Facebook’s Fall From Grace Looks Like Ford

But the idea that Facebook’s technology fundamentals are supposedly so complex that they can’t be audited, and the business model is so fast-paced that it’s not slow, is ultimately caught up in unforgettable risks. A series of devastating consequences, from political manipulation of free elections to violence against minority populations to harm young people, and even public health disinformation that has prolonged and worsened one pandemic, destroying the satisfying fulfillment that the company’s products make positive for society.

In the case of the U.S. automotive industry, the need is not only for regulation but also including the enforcement agency to ensure compliance is equally not immediately obvious. The need and ingenuity to actively regulate infrastructure technology, rather than relying on the myth that consumer choice is the primary mechanism to prevent harm, is only recognized after decades of damage and years of whistleblowing. and investigative journalism.

Just like anywhere on the internet platform, Detroit in the mid-20th century did something that most Americans felt they couldn’t live without and were quick to rely on. As suburban sprawls surround areas around cities, racist resource allocation has displaced urban centers and encouraged white flight. As a result, owning one or more cars is more necessary to more and more Americans. State and federal government resources will go into creating more roads to ensure that auto traffic goes unchecked, even if- or even more so- at the expense of those who can’t afford cars or are banned- an of the structure from moving to neighborhoods that are more divided. and was ruined by famous domain attempts to acquire more land for highways in and out of towns.

At this point in time, the Big Three is also unstoppable, circling the U.S. scene with the help of strong business and government interests, while also illegally negotiating with each other, and against the public interest and safety. in public, for more revenue.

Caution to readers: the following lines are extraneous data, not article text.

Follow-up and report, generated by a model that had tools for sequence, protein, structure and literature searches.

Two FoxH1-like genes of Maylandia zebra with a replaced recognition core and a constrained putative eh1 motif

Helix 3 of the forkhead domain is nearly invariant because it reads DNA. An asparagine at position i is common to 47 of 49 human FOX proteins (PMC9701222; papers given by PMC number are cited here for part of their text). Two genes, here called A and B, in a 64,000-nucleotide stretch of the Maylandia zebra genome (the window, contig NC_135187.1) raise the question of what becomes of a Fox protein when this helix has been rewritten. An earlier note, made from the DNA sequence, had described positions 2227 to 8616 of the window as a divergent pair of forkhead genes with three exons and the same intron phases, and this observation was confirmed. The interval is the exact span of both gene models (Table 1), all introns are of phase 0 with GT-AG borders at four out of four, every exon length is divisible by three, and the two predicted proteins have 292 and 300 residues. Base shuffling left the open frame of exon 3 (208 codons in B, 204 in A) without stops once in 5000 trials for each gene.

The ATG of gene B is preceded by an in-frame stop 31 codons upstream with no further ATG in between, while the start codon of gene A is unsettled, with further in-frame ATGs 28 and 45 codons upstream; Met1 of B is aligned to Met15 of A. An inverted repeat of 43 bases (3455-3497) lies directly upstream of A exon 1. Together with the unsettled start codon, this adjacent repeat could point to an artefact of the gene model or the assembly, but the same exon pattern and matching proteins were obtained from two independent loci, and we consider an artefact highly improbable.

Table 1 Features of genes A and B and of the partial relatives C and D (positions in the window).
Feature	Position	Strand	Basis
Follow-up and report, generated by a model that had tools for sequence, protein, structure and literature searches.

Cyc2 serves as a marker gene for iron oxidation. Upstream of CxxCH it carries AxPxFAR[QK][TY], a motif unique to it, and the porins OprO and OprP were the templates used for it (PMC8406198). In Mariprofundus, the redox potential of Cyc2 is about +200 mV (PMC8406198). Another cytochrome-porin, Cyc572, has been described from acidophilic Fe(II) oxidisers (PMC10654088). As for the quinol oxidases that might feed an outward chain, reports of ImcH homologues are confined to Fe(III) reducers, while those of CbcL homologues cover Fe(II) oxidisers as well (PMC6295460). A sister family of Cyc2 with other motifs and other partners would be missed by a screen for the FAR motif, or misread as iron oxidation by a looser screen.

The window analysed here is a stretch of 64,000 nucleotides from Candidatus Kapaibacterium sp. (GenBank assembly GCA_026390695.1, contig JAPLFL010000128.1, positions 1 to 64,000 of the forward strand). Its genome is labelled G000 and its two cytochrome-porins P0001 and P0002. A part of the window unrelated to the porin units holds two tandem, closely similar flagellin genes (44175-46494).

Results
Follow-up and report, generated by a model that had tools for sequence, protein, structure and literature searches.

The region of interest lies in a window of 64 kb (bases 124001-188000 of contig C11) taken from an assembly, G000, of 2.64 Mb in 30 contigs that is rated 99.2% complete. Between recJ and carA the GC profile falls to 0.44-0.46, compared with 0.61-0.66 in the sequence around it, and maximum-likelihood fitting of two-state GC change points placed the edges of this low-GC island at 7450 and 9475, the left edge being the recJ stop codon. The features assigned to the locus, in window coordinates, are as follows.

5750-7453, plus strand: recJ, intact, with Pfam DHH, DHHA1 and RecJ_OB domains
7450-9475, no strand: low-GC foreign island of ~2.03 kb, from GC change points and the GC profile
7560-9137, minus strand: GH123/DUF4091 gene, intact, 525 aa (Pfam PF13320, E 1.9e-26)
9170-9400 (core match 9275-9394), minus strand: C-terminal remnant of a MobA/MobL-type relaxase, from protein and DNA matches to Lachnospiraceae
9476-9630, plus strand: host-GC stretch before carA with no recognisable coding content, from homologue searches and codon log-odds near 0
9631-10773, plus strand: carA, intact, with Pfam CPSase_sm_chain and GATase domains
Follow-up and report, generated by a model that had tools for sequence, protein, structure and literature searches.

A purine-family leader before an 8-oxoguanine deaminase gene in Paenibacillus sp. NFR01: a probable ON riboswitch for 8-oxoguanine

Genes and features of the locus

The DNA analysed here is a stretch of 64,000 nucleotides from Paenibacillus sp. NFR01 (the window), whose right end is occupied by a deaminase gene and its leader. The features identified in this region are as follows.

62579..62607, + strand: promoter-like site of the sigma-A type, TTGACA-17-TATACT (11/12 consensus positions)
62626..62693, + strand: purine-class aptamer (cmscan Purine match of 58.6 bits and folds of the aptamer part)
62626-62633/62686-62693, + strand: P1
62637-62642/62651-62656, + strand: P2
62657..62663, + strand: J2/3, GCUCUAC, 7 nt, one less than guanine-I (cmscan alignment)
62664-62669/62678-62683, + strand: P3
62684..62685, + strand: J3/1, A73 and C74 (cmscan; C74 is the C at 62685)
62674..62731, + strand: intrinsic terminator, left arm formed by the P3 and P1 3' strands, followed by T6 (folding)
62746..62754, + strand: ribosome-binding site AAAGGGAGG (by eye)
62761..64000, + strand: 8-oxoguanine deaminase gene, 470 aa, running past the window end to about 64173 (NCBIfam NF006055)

When was the bombshell known to lawyer and activist Ralph Nader’s 1965 bestseller Not Safe At Any Ease began to explode in U.S. public discourse, auto executives lined up before Congress. They tell the American public and those who represent them that they are doing their best to make cars safer and less dirty and they can do little to quickly eliminate the damages done to their product. Executives have downplayed the scale of the public safety crisis and have often admitted to being unaware of the magnitude of the damage to their products to consumers. Their answers, of course, are mostly a charade aimed at saving revenue and stopping regulation as much as possible. Ford’s president at the time, Arjay Miller, recounted in great detail how his Lincoln Continental safely survived to save his life when he was involved in a freeway accident-the doors didn’t close. , the fuel tank did not explode, and Miller escaped unharmed. He vowed to make sure Ford does everything they can in the coming years to improve safety even more.

But years later, Ford cut safety, making cars like the Ford Pinto that took the key aspects of safety to market quickly and cut manufacturing costs to get the most revenue. In 1977, the famous Ford Pinto “memo, ”Revealed by Mother Jones investigator reporter, a detailed alarming analysis of the company’s cost of past and future accidents. According to the memo, the horrific deaths and total burns suffered by the occupants of the Door in the back collisions amount to an acceptable loss because, once the claims or other settlements, the cost is less than the cost of repairing the Door scheme to prevent the explosion of the gas tank. the costs to repair the scheme $ 11 per car. After public and government pressure, it was finally implemented through a reminder requested by the recently formed National Highway Traffic Safety Administration.

Today, a similar scenario is being played out in the field of Big Tech — a term that has become critical for ad-driven platforms and internet arbitrage firms that reduce the cost of products and services by squeezing workers and consumers. Whistleblowers from many companies, most of them women and most of them women of color, are coming to the role Nader occupied in the 60s-from Ifeoma Ozoma, who stood on Pinterest and next worked making laws to prohibit the abusive practice of nondisclosure agreements for whistleblowers in California, and Timnit Gebru, who warned the world about Google’s lack of commitment to the ethics of AI used, to Sophie Zhang and now Frances Haugen. In each case, companies similarly tried to silence, burn, or harass workers, providing their heaviest treatment of women of color.

The need for reforming power structures in this sector is critical not only for society but also for democracy: As Haugen’s testimony last week showed, Facebook is targeting a lot of revenue not to well with known problems but to avoid being considered to be the cause of problems. And like Arjay Miller, Mark Zuckerberg said whatever it takes to delay and get rid of regulation.

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